Sunday, November 16, 2008

Questions?

If you have any questions about the CIA, cooking school, cooking, food in general--please send them. There's a reason I'm asking.

11 comments:

acidspit said...

I'd like to know:
How many students per typical class?
What's the attrition/retention rate for the school?
Are there electives, certain optional classes that you can take, or does everyone go through the same rungs?

thanks!

Alex H said...

What are your thoughts on the extracurriculars? Do you participate in competitions, or clubs; or would it be a better use of time to work in a restaurant, or volunteer to help the chef-instructors? Do you live in the dorms - and how well-stocked are the dorm kitchens?

jmbollman said...

Why pay $90,000 for an education that only pays $20,000-$40,000 starting out and most likely caps out at $60,000? Is the CIA a gimmick? Do students think or hope to be the next Bourdain or any other celeb-chef? Is the CIA (or J&W, LE C.B. or any other high dollar program) over selling the 1 and a million chance of becoming "famous?" Therefore exploiting people's hopes and dreams while down playing the reality of a massive school debt with minimal income potential? To get to the heart of my question: Is the CIA (or any other expensive culinary school) really worth it? and why?

Clay said...

I know this isn't a forum, but I have to respond to jmbollman's posting.

New York State requires teachers to have master's degrees in order to teach. Is it worth it to spend 6 years and over $100,000 for a job with starting pay of $30,000?

Couldn't you pose these same questions about any profession? I'm sure there are some "Bourdain" types out there but don't you have that with anything? A person has a goal, good for them!

Is the CIA worth it? Maybe. Is MIT worth it? Maybe. Does what you do afterward matter? Yes. If you have a passion for cooking, teaching, etc. it'll be worth it to you.

Also, Jonathan I love reading your postings. Keep it up!

Jennywenny said...

I'd like to know if you still like food and cooking, I'm always surprised that some of the people I attend classes with dont really seem to be interested in cooking at home, which seems odd to me.

I'd love to come to cooking school, but I'm too scared. If I get laid off one day then I'll consider it...

Dwayne said...

I also am curious about what jmbollman asked, but more specifically to Jonathan. How much is your culinary education costing you (actual dollar cost, but also opportunity cost of what else you could be doing). What do you hope to get out of it? What are your aspirations - chef, restaurateur, TV personality?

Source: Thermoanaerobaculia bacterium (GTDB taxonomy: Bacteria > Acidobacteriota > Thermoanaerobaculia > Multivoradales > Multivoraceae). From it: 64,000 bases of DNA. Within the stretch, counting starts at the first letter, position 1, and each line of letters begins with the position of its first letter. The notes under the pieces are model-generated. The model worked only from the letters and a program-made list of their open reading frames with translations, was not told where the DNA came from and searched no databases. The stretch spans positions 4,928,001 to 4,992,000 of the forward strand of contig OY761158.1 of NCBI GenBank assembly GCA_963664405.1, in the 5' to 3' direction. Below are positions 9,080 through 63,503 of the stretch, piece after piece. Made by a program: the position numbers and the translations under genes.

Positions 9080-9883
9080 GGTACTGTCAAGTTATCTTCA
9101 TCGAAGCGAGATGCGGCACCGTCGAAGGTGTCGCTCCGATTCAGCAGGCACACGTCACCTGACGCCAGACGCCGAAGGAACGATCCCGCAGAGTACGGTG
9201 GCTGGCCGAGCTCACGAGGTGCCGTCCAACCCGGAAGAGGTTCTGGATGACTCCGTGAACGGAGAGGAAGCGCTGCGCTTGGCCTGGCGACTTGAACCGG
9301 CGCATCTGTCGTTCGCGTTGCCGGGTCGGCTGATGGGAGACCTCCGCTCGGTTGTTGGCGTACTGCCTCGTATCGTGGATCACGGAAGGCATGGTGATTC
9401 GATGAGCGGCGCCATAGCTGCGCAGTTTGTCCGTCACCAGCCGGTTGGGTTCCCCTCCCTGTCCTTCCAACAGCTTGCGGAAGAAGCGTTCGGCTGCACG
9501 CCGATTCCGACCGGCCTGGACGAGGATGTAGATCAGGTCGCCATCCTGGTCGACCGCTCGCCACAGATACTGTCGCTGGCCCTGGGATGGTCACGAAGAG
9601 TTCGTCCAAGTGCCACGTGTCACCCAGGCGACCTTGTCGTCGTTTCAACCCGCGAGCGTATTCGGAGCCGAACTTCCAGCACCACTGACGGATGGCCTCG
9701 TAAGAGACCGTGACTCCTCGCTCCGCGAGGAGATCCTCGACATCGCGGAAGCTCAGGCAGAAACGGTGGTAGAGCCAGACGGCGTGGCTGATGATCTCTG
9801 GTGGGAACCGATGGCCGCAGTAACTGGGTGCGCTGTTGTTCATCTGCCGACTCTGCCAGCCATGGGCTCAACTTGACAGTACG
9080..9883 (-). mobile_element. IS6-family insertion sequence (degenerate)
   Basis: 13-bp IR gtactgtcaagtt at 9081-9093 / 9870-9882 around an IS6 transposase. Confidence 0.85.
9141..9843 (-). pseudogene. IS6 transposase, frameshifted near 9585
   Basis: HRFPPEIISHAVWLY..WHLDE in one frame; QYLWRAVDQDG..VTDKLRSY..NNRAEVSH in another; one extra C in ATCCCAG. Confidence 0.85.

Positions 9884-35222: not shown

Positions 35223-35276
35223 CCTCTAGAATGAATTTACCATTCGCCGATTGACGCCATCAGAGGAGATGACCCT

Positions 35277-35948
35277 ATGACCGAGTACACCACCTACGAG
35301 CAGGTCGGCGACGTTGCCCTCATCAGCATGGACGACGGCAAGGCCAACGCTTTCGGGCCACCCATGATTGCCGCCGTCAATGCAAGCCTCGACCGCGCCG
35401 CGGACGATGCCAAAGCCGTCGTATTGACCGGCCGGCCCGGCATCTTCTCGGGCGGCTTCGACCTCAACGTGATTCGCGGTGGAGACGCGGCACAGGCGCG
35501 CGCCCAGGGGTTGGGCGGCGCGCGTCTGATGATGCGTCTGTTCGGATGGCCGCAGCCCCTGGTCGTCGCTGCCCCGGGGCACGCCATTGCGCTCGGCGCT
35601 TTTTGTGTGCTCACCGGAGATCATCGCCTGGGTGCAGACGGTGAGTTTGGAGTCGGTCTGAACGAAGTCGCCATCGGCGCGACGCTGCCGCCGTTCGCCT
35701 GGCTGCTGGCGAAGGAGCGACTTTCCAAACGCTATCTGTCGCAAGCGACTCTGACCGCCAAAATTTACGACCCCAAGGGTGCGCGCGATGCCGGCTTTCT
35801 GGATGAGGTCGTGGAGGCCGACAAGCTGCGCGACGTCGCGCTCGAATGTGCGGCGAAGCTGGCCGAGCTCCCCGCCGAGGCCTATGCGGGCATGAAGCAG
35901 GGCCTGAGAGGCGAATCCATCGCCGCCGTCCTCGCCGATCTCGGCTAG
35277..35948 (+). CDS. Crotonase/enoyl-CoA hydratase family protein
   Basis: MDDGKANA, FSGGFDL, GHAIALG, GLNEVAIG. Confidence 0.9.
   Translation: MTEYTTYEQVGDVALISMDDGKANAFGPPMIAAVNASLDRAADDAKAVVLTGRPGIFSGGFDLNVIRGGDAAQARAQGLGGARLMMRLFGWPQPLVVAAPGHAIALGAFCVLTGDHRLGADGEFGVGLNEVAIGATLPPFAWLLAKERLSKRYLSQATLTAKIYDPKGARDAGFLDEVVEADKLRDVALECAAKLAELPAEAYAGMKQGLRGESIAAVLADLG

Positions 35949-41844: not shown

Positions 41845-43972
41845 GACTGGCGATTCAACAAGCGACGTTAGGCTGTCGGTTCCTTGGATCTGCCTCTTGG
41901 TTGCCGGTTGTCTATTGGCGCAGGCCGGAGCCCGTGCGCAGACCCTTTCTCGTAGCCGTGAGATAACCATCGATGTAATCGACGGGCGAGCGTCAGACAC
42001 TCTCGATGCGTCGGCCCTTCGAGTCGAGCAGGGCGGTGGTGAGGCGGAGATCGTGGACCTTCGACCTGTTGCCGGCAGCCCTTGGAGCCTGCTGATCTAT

Also how much flexibility is there in the curriculum? How much opportunity for experimentation? Your posts seem like it is fairly by the book, but for me the draw of culinary school would be so I could experiment.

sarah said...

I have been wondering if there are any women in your class.

Paige said...

I've got a few questions. Do you get to have recipes in front of you while you cook, or do you need to memorize them?

Are the instructors all really as rude/mean as you hear about?

And finally, are there people there who don't want to be chefs when the graduate. I.e. - they want to work in the food industry, but not necessarily in a restaurant, etc.

Love reading your blog! Keep it up!

Sarah said...

I have a question. It kind of goes hand in hand with the question Sarah asked, which is funny because my name is Sarah too:) I read a lot about it being a hard road for a woman to become a professional chef, that they are often given a harder time in the kitchen, not treated with the same respect etc. Do you notice any of this at CIA? are women treated differently than men in the class room by the teachers or students?

Rafe said...

I have a specific food question: how do you cook red kidney beans so that the husks come out tender rather than chewy? I've tried a number of approaches and the husks always remain tough.

Erik said...

I've tried making meats with mustard-based crusts on a couple of occasions - dijon mustard with panko, dijon mustard with breadcrumbs, and even just dijon mustard with herbs (no breading). The meat usually turns out alright, and it even tastes good, but I can never really get that bright, mouthwatering mustard flavor that I've tasted on similar dishes in restaurants. Do you have any advice? Do I need to use something beyond just dijon mustards?